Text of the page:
Pullela Gopichand: There is a lot of dramatization in sports movies, but I agree with that
Pullela Gopichand doesn't watch many movies. He admits that the last film he saw was over a year ago, and it is ironic that the famous coach is portrayed in three major films in the next two years. In a free conversation with us, the national badminton coach talks about the usefulness of sports biographies for athletes, how he would like to see himself on the screen and his philosophies about training. Excerpts Sonu Sood will play Pullela Gopichand in the biopic of PV Sindhu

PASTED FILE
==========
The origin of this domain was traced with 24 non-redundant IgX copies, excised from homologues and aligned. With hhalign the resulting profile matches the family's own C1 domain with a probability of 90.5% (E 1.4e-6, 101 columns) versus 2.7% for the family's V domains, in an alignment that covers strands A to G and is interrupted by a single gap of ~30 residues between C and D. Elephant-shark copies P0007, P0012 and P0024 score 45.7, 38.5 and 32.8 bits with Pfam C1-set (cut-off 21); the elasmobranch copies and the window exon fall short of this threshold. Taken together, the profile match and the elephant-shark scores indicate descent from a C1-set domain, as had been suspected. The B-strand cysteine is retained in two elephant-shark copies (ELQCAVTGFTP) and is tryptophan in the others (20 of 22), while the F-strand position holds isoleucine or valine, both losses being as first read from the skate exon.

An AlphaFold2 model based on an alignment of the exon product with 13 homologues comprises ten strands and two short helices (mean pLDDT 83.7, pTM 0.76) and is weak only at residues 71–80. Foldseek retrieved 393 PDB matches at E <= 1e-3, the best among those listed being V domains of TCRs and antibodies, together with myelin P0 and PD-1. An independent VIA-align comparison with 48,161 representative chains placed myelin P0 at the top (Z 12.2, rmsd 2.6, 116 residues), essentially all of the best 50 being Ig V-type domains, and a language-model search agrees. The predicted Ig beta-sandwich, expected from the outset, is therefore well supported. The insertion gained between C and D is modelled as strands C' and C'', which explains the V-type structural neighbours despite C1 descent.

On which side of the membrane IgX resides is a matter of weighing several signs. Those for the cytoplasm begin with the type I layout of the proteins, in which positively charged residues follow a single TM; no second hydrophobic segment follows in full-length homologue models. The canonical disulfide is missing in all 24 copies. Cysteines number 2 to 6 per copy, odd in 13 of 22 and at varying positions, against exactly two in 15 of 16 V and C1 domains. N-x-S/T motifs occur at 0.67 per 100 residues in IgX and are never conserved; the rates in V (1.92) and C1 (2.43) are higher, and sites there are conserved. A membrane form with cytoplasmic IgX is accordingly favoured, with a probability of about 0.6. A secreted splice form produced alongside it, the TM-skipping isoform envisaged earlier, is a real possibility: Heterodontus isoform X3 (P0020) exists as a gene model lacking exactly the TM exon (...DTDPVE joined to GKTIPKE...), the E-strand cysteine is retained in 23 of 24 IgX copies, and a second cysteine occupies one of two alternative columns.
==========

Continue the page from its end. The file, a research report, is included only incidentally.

There have been a lot of sports biopics in recent years. When you go to see them, what are you looking at: precision or entertainment?
I have two views on this. The first is that storytelling in sports is very important, as is the creation of these role models. That's when people get inspired and practice a sport. Inspiration is important. When I watch a sports movie, unfortunately, I say this is not real. When I watch a normal movie and say a fight is taking place, I don't say this is not realistic, but in a sports story, I think: She is not playing as she should or This is not how it happens in the field. ' Yes, there will be cases where you will see things that can happen, but dramatization is probably what it is too much. But I still agree with that.
Do you feel that there is so much natural drama inherent in sports that it is not necessary to add too much to bring it to the big screen?